Arts & Culture
Sam Smith explores why a #MeToo type movement has not taken off in the music industry to the extent it has in the film industry.
How much does the U.S. presidency matter for the direction of the United States, and for the rest of the world? Maria Armoudian speaks with William F. Grover and Joseph G. Peschek about the power of the U.S. presidency and what they term the “unsustainable presidency.”
How does culture shape our understanding and treatment of mental illness? Maria Armoudian speaks with Roberto Lewis-Fernandez, Tanya Marie Luhrmann, and Andrew G. Ryder about culture and its impact on mental health.
Heather Woods and Leslie Hahner discuss how mainstream media helps to weaponize far-right conspiracy theories.
Returning looted artefacts will finally restore heritage to the brilliant cultures that made them according to Mark Horton.
The thousands of New Zealand men who fought in the First World War went through hell. And right beside them was another fighting force. Anna Rogers explores the story of New Zealand’s medical services in WWI.
Sam Smith spoke with Mark LeVine about the impact of the BDS movement and the ongoing issue facing musicians on whether or not they should perform in Israel.
Slavery was never abolished – it affects millions, and you may be funding it as Catherine Armstrong explains.
Raewyn Dalziel, Emeritus Professor of History, celebrates a moment when New Zealand was at the forefront of world-leading reform.
Is protecting heritage a human right? George Nicholas looks into the responsibilities and concerns about the political, ethical and social dimensions of archaeological research and heritage management.
On September 11 1973, Chilean president Salvador Allende was toppled destroying the longest standing democracy in Latin America. How much do we know now about what really happened in Chile in what is considered the ‘Other 9/11’?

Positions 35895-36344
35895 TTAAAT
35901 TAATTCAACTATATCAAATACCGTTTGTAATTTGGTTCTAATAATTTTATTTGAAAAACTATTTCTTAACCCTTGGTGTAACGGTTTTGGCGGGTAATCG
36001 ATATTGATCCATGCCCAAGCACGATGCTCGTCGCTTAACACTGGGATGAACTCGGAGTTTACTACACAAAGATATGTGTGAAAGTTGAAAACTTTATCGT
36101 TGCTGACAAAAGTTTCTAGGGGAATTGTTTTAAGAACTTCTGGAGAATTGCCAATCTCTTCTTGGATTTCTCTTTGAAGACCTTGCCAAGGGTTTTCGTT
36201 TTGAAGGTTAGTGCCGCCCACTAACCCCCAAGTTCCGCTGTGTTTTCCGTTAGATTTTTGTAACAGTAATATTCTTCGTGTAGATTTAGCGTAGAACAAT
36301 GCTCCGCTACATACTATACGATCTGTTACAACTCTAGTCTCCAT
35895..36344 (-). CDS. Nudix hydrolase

In a lecture given at the University of Auckland, Taner Akçam talks about his new book “Killing Orders,” a book which brings to light documents that show the Turkish Government did order the Armenian Genocide.
Claudia Russell looks into why Facebook is not cool anymore.
Matthew Schmalz explores whether it is okay to be a Christian and support the death penalty.
As climate change encroaches, our heritage is drowning according to Patty Hamrick.
Music and politics have always had a strong relationship going back to the days of the Civil Rights Movement, the anti-war movement, and campaigns to combat racism. These days, artists such as Childish Gambino are pushing the boundaries visually and musically when it comes to using their art as a political vehicle. Sam Smith spoke with Patrycja Rozbicka about the intersection between music and politics.
After the recent success of American artist Childish Gambino’s music video “This is America,” Patrycja Rozbicka explores whether pop music can still be political in the face of censorship.
Stephen May outlines why it is important New Zealanders should learn Te Reo Māori in the wake of debate around whether the language should be made compulsory in schools.
The rise in popularity of on-demand video streaming services like Netflix is increasingly seen as a threat to the 113-year-old ritual of going to a cinema to see a movie. James Robins spoke to Dr Karina Aveyard, author of “Lure of the Big Screen: Cinema in Rural Australia and the United Kingdom” about whether Netflix might kill the cinema.
How did the Crown and the Kīngitanga attempt to make peace in the aftermath of the New Zealand Wars?
In an extract from his new book “Dancing with the King: The Rise and Fall of the King Country, 1864-1885,” Michael Belgrave explores how the Crown and Kingitanga attempted to make peace in the aftermath of the New Zealand Wars.